Los Angeles changes you. Or at least it has changed me. Returning to America, after living in Europe for 30 years, I can feel my taste shifting. A great deal. Perhaps it has been the pandemic and more time at home, or perhaps it is the more relaxed lifestyle of LA, but this season I am very much into a kind of glamour that is still chic but more straightforward and somehow still casual. There is a glossiness to LA. An almost airbrushed kind of beauty that starts to permeate the mind…” Tom Ford said in a letter he wrote to explain his spring show. 

Ford embraced colors in his work in those early years and mentioned how fashion has also evolved in the digital era where flashy clothes are now required. Thus, this particular array of the brightest possible combinations. 

The designer applies this stated principle to his entire spring collection but upped the volume to the highest degree in the hyper-decorated and sparkling clothes purposely overdone to enliven the current mood of positivity. Sure this spring show entertained and brought the audience collectively to an imaginary place many have not been in a while.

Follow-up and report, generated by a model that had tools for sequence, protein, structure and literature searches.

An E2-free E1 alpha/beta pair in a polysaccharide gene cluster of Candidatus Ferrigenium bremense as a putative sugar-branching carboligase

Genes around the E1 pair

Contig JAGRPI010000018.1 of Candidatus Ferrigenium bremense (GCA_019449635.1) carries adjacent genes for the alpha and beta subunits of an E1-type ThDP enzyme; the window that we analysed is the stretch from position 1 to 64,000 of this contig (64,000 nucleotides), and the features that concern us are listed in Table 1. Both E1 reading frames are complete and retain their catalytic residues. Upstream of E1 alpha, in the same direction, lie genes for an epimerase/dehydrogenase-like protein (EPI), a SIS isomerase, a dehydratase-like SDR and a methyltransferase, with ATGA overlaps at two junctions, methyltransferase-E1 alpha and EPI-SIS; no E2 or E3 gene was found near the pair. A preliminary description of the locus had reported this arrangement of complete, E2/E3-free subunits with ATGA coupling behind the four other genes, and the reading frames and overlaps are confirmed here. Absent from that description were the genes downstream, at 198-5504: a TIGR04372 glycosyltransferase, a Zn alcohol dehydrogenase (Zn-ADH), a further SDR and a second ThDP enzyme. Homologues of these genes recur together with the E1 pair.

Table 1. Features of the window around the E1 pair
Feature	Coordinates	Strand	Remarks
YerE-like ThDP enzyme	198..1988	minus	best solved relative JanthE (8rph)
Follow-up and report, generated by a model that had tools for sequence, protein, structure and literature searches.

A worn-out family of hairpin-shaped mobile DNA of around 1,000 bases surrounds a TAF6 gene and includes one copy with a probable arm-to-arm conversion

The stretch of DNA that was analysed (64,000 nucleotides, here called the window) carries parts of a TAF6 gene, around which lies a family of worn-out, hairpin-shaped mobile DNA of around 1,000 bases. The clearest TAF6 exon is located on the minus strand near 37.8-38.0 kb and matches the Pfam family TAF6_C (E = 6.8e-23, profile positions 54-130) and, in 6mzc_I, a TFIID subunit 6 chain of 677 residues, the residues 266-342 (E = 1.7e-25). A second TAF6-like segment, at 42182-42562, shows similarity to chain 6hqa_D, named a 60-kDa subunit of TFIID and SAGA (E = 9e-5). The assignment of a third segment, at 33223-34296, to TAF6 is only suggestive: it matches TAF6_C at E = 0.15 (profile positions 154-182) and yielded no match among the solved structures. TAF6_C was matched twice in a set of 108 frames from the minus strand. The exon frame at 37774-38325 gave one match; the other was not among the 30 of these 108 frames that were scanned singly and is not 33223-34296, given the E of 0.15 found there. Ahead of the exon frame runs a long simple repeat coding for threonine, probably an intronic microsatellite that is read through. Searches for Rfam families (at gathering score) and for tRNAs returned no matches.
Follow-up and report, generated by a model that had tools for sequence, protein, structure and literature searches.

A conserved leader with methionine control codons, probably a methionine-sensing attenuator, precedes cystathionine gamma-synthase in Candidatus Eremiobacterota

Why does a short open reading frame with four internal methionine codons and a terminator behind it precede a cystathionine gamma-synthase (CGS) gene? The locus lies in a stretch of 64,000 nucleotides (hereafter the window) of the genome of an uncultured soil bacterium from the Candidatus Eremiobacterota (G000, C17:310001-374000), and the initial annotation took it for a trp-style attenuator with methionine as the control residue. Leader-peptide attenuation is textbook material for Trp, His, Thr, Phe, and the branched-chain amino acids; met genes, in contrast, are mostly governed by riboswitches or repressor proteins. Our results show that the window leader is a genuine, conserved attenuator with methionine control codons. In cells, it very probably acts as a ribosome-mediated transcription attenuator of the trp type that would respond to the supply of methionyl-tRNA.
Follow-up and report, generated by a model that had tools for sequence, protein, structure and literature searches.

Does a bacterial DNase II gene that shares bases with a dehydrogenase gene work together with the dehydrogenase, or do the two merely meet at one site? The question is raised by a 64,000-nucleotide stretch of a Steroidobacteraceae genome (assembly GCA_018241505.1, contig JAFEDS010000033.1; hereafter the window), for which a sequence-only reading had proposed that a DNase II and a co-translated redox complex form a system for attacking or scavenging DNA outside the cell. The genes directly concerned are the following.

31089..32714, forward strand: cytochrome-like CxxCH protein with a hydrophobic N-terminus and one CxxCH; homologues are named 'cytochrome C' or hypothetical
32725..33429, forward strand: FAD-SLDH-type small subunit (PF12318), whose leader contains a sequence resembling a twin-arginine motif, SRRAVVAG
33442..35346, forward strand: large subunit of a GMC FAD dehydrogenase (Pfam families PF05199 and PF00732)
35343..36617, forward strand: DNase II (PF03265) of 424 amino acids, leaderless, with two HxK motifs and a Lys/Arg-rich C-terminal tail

Increasingly, people don’t dress in fashion for the day but only for the night. Or, for social media. Instagram may actually be what saves fashion in the end. People now seem only to get dressed up in a major way for a red carpet or to fill their pages with shots of themselves in powerfully stylish clothes. Black doesn’t photograph well, and so clothes need to be increasingly cartoon-like to have power on the tiny screens of our phones. It is altering our perception of beauty. It has certainly altered mine,” the designer said.